Or do you often feel like you’re stuck in quicksand–overwhelmed and nearly paralyzed?

Chances are, you’ve been hit by the big, bad wolf called FEAR. You may not recognize it, because sometimes it calls itself WORRY, ANXIETY, DOUBT, or INSECURITY. But no matter what you call it or what it looks like, it’s fear, and it’s ruthless in coming after you, unless you’re able to discover the only way to disarm it.

scaled_e1252009347Fearless is the new book by one of my favorite authors, Max Lucado. From the cover alone, I knew it was calling out to me. From the image of the carefree person jumping into the water, to the tagline, “IMAGINE YOUR LIFE WITHOUT FEAR”, I knew it was a must-read.

The book didn’t disappoint. Like most Lucado books, this one was easy to read, and was filled with powerful lines that I’m filing away into my list of favorite and important book quotes.

“Fear, at its center, is a perceived loss of control.” – Max Lucado, Fearless

In the book, Lucado deals with the most common fears of people: rejection, loneliness, financial lack, overwhelming obstacles, violence, death, and being wrong, among  others. For a Bible-reading Christian like me, reading this book helped remind me of the many awesome ways that God takes care of me and protects me, and how He took every strategy of fear in consideration and provided a timeless solution. Thus, this book helped me see fear as nothing but an annoying little ant in the light of a big God. For others though, I can imagine that some of Lucado’s insights would be new, fresh, and liberating–at least that’s my prayer for every person who reads this book.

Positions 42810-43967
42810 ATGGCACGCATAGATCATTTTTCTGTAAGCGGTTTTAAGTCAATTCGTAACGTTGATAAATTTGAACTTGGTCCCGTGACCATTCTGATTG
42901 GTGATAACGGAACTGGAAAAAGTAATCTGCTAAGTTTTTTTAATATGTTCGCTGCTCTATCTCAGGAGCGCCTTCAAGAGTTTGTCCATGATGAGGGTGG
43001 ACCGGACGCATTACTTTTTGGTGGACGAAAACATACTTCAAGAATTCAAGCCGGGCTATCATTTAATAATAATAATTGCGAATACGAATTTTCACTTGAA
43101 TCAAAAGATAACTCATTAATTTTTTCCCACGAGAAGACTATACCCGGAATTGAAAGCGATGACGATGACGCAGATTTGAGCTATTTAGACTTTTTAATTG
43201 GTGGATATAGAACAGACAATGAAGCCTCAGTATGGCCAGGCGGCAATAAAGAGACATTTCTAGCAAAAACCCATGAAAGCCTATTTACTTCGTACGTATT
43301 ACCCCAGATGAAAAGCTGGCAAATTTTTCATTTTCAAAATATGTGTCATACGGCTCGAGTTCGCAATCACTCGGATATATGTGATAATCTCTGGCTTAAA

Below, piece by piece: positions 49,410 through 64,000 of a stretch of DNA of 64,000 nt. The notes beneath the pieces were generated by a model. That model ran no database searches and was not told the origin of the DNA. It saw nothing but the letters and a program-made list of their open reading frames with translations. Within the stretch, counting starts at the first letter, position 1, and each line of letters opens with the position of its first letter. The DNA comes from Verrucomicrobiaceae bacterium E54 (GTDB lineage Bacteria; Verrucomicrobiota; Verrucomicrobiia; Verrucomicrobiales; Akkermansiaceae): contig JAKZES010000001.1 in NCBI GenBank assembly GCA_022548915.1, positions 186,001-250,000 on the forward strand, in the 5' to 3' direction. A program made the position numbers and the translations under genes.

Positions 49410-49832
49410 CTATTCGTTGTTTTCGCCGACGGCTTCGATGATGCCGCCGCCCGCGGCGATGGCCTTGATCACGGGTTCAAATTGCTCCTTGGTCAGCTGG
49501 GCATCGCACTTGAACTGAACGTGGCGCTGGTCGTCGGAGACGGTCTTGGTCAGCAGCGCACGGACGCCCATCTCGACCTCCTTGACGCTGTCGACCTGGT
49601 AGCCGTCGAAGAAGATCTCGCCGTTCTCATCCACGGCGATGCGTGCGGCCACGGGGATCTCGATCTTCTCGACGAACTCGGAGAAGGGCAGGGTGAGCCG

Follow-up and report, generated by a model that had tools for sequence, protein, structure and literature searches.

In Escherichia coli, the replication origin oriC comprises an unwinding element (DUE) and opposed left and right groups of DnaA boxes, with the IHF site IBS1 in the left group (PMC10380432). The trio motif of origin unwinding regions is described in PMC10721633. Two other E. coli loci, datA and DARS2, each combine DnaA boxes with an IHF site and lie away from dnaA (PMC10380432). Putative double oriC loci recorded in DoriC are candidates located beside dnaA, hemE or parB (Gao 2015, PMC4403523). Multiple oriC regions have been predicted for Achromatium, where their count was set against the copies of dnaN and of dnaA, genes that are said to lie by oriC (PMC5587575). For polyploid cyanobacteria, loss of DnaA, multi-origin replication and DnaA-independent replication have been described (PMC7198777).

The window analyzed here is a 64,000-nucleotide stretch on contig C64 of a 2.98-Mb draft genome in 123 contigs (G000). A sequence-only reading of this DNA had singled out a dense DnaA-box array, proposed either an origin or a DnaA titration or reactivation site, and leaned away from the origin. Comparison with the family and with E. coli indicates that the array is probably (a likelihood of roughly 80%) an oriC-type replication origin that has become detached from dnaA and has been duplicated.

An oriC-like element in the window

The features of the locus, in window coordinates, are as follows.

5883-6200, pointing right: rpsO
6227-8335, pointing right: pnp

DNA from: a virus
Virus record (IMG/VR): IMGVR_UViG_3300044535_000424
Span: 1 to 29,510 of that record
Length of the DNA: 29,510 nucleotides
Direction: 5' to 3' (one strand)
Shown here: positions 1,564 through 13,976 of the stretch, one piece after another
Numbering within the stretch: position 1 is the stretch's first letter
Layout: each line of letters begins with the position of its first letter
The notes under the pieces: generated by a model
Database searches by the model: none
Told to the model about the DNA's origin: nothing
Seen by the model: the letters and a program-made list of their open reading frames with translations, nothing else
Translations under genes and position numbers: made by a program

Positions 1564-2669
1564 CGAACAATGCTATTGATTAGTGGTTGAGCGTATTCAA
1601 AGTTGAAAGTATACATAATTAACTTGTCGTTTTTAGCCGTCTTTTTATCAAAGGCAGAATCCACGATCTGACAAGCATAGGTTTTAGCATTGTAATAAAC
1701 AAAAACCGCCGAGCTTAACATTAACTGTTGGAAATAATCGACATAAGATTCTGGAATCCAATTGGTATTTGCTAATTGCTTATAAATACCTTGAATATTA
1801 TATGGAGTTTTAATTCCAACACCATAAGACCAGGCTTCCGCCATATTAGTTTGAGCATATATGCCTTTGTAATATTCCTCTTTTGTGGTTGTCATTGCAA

If you’re looking to be set free from the strongholds of fear so you can live a passionate, joyful, and storm-proof life, get your hands on this book!

If you want to preview the book, click here.

Focusing on the present

I’m currently reading Just Enough Light for the Step I’m On: Trusting God in the Tough Times by Stormie Omartian. It’s a nice book to read, and I’m already down to the last chapter. Today’s notable quote from the book:

“Along with not looking back, it’s not good to look too far ahead, either. Doing so may cause you to worry about where you think you should be, and that can be overwhelming too. Looking back, you see all that you didn’t do. Looking too far forward, you see all you think you can’t do. It’s best to embrace the step you’re on and say, ‘God, give me the ability to do what I have to do today.'”